Violence and Harassment: The government stated it tolerated negative articles in newspapers and magazines, but there were numerous reports that showed government, ruling party, and some opposition officials and supporters harassed, threatened, and physically and verbally attacked journalists. For example, on January 27, during a cholera outbreak in Lusaka in which the president deployed military wings to clean up street vendors in Lusaka’s central business district, Michael Miyoba, a reporter from a private newspaper, was abducted and beaten by military officers. According to the Media Institute of Southern Africa (MISA) Zambia, the officers allegedly pulled his genitals as punishment to curtail media reports on their operations. In a case demonstrative of societal violence towards journalists, especially during election periods, on June 5, UPND cadres attacked seven journalists from various media houses, including The Mast, News Diggers, Radio Phoenix, and Prime Television, during the Chilanga parliamentary by-election.
Censorship or Content Restrictions: The government remained sensitive to media criticism and indirectly censored publications or penalized publishers. Numerous media watchdog organizations reported that the harassment and arrest of journalists, threats by the government to introduce punitive legislation against media personnel, restriction of their access to public places, and undue influence, among other restrictions, compromised media freedom and resulted in self-censorship.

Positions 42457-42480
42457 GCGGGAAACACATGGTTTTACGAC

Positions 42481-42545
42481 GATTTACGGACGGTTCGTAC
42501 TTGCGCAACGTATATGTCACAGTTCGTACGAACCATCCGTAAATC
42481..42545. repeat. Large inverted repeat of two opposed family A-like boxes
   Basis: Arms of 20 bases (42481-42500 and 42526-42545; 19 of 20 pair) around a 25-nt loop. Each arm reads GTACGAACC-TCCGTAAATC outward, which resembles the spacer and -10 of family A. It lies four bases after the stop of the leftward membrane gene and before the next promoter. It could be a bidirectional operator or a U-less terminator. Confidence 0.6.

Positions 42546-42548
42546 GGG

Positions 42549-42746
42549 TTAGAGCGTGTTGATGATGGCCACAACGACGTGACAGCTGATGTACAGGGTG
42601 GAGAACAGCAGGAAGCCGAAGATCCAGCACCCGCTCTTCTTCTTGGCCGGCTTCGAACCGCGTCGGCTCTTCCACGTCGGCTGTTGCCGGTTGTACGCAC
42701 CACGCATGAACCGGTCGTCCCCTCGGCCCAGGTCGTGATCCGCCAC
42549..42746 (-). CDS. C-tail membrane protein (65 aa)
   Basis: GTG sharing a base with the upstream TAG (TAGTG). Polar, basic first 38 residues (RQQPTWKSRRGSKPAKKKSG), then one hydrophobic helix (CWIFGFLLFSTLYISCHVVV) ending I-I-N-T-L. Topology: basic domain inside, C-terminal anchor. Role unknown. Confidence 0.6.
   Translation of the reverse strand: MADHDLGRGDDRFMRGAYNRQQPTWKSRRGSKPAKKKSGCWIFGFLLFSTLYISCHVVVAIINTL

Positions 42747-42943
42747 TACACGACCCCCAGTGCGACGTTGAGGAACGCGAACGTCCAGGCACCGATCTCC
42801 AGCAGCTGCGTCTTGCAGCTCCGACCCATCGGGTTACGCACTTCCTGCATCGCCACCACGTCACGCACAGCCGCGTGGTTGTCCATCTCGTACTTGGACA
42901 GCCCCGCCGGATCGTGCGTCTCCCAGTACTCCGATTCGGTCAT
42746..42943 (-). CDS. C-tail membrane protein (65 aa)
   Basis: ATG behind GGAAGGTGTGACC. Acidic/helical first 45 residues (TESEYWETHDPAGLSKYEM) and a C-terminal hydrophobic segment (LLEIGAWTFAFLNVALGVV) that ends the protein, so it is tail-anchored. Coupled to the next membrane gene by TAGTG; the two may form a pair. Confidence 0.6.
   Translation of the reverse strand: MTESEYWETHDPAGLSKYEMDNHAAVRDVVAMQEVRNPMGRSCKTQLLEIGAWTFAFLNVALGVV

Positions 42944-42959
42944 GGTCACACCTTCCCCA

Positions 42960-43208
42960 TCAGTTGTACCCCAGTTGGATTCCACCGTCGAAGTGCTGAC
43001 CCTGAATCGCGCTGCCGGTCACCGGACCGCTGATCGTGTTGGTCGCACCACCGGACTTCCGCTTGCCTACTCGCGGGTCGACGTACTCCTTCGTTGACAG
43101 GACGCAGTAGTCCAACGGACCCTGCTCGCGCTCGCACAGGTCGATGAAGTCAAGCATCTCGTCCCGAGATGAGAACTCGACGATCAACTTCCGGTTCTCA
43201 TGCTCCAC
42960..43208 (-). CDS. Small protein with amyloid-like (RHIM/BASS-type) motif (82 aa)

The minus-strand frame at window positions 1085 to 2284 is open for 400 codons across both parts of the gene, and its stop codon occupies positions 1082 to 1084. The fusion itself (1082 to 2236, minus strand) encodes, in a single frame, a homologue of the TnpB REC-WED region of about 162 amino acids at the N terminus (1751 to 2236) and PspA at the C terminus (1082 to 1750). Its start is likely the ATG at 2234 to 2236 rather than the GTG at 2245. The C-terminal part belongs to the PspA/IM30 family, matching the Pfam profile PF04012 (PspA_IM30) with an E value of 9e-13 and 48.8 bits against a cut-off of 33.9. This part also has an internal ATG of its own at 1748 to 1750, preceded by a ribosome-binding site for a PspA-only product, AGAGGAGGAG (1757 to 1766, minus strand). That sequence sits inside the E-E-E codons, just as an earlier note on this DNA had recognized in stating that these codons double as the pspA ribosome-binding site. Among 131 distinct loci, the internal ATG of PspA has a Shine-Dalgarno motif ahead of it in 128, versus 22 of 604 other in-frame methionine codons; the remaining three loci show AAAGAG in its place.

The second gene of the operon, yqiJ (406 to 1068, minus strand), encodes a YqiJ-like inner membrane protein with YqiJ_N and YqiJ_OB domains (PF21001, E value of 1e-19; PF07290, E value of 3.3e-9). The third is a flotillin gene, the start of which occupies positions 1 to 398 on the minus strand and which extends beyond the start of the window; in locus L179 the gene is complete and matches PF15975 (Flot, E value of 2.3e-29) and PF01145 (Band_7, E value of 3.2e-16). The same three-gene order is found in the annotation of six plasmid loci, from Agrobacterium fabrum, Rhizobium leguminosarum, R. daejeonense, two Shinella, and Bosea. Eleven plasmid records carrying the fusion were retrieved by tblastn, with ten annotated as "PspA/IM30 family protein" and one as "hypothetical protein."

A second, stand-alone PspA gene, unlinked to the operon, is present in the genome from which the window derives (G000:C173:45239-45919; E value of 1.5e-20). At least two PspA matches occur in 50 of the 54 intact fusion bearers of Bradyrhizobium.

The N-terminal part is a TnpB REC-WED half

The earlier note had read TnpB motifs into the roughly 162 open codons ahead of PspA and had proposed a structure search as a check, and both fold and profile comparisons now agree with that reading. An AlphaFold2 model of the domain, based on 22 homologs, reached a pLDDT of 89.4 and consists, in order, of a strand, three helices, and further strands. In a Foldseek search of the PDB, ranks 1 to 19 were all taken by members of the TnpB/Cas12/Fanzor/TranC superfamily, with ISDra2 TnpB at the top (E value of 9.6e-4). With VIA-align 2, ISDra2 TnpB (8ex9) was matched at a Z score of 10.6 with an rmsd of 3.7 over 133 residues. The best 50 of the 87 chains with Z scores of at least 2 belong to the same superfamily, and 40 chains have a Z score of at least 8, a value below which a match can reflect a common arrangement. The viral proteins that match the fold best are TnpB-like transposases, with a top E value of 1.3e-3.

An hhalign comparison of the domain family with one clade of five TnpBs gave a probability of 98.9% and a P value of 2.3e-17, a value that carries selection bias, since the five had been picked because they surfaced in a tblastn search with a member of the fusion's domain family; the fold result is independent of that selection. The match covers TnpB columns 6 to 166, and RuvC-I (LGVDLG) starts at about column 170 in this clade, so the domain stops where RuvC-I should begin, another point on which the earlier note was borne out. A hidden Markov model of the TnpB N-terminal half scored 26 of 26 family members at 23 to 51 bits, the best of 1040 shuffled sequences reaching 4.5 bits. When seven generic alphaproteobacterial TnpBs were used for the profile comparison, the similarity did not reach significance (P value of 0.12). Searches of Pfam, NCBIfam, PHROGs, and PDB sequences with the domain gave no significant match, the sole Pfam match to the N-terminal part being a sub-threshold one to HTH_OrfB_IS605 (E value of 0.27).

Libel/Slander Laws: The government and individual public figures used laws against libel, slander, or defamation against critics to restrict public discussion. The government also often used sedition laws against those critical of the government. For example, on November 20, Copperbelt Province police issued a “warn and caution” statement to opposition UPND leader, Hakainde Hichilema, following his appearance in front of police for “investigations” related to his earlier discussion on live radio of a rumored sale of a parastatal firm. The statement charges that the leader’s discussion on live radio amounted to the offense of sedition. Although not officially charged, the statement required the suspect to acknowledge the nature of the allegation, and left open the possibility for arrest later.